There is no doubt more nuance than that, and I have no doubt that there will be new arguments why such bans will not work, and it may be that there will be some courts will go for it, but the Supreme Court position seems quite definitive.
The most logical way for it to be changed is legislative, and of course there has been legislation introduced for the past several Congresses that would ban requiring an arbitration agreement as a condition of employment. But at least for the foreseeable legislative future, that seems unlikely.
The net result of these decisions is a rather clunky way to solve a huge problem that is plaguing the employer community, the collective FLSA (and class claims under state equivalents) action. The courts have been unwilling or unable to address that issue by establishing an appropriate standard for conditional certification. And now, because arbitration appears it will be a solution, that means a large number of employers who have not implemented arbitration plans will be re-thinking the decision.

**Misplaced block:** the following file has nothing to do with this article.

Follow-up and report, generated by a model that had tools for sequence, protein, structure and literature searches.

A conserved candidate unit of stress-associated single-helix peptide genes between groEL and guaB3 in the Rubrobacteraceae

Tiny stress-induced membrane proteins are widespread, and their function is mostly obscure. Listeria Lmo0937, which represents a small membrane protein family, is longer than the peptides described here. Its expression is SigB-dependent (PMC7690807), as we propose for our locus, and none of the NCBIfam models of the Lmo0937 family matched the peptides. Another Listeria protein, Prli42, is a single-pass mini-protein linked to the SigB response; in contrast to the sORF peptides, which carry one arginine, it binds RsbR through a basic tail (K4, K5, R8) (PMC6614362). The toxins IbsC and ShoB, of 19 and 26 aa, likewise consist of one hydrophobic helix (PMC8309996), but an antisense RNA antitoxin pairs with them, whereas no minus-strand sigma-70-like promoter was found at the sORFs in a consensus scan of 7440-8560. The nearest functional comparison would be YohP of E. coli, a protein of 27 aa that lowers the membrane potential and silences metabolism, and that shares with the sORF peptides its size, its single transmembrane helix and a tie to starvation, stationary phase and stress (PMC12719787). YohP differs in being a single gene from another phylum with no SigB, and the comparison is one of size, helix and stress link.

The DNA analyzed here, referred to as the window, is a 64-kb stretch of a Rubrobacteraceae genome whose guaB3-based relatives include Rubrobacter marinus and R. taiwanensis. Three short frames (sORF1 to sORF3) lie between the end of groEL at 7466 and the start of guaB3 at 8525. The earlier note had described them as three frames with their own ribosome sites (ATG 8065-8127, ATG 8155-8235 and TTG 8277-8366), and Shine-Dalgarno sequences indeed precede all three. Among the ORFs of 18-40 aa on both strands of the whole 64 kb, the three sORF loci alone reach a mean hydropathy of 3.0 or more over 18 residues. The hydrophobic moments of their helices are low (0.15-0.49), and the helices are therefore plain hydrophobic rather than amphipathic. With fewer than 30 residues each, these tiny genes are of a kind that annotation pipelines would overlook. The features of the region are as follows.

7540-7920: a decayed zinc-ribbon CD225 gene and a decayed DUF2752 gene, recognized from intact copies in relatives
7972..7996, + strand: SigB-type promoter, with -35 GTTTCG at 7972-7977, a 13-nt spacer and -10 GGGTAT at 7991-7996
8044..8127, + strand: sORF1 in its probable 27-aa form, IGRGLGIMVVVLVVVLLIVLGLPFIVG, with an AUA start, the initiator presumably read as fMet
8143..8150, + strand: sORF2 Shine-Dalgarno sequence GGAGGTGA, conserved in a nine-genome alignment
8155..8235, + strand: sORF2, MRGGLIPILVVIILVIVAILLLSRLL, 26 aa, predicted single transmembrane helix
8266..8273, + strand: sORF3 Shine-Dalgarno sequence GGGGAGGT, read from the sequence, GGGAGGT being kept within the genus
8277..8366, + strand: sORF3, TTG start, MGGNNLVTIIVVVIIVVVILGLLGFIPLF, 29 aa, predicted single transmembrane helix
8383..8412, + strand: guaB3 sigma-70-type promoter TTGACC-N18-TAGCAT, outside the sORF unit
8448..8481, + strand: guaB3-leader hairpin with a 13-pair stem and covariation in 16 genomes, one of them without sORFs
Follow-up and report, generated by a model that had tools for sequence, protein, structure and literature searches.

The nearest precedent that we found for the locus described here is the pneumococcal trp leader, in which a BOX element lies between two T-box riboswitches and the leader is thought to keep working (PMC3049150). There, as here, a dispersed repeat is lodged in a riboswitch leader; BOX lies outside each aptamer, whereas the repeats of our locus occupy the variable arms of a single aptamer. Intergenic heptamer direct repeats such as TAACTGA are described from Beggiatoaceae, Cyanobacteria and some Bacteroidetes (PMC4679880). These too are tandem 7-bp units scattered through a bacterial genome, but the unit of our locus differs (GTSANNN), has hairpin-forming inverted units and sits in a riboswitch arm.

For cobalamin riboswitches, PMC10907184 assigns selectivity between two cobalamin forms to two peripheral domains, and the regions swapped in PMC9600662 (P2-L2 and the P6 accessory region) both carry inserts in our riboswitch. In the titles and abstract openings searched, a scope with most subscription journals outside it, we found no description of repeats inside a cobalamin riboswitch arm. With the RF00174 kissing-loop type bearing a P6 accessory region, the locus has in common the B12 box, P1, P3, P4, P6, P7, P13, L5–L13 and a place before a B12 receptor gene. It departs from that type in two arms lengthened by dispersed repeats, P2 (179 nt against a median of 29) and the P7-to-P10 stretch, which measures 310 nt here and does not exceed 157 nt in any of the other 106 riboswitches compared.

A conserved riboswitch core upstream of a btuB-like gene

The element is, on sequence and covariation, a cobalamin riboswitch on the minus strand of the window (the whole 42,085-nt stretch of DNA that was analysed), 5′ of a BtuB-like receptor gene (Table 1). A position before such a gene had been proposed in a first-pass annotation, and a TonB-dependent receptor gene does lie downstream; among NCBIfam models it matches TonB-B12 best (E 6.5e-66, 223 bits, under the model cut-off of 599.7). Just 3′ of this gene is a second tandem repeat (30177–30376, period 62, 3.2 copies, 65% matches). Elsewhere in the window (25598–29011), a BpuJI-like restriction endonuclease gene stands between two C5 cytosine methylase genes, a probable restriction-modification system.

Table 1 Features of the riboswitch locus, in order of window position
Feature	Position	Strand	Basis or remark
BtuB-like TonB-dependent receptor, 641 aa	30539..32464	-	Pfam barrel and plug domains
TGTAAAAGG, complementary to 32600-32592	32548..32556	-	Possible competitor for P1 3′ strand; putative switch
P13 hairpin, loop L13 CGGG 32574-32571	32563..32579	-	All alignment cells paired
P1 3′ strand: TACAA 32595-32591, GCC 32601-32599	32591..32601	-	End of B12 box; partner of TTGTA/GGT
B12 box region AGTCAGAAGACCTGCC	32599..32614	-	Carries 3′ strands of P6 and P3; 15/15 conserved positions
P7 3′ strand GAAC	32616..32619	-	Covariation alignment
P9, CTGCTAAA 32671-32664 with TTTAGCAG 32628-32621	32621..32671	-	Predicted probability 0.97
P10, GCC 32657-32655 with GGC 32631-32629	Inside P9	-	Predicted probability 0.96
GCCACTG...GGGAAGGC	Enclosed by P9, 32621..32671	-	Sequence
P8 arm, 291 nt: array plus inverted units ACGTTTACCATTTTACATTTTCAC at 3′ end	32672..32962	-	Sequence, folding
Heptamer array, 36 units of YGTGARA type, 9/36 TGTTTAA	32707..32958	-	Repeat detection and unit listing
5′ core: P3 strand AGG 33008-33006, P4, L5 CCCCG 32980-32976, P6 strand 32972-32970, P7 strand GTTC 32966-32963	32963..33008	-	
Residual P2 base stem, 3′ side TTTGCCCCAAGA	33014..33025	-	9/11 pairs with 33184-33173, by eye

All of that will have impacts on the employment law world. It is unlikely that anyone can predict all of the ramifications with certainty. But that there will be a changed world now seems inevitable.
Just as a side note, what ever you may think of the judicial view of Justice Kagan, who goes from writing for the Court in Sutter to dissenting today, you have to enjoy her clear cut writing.
And here is the nutshell version of today’s opinion, admirably flaunted rather than camouflaged: Too darn bad.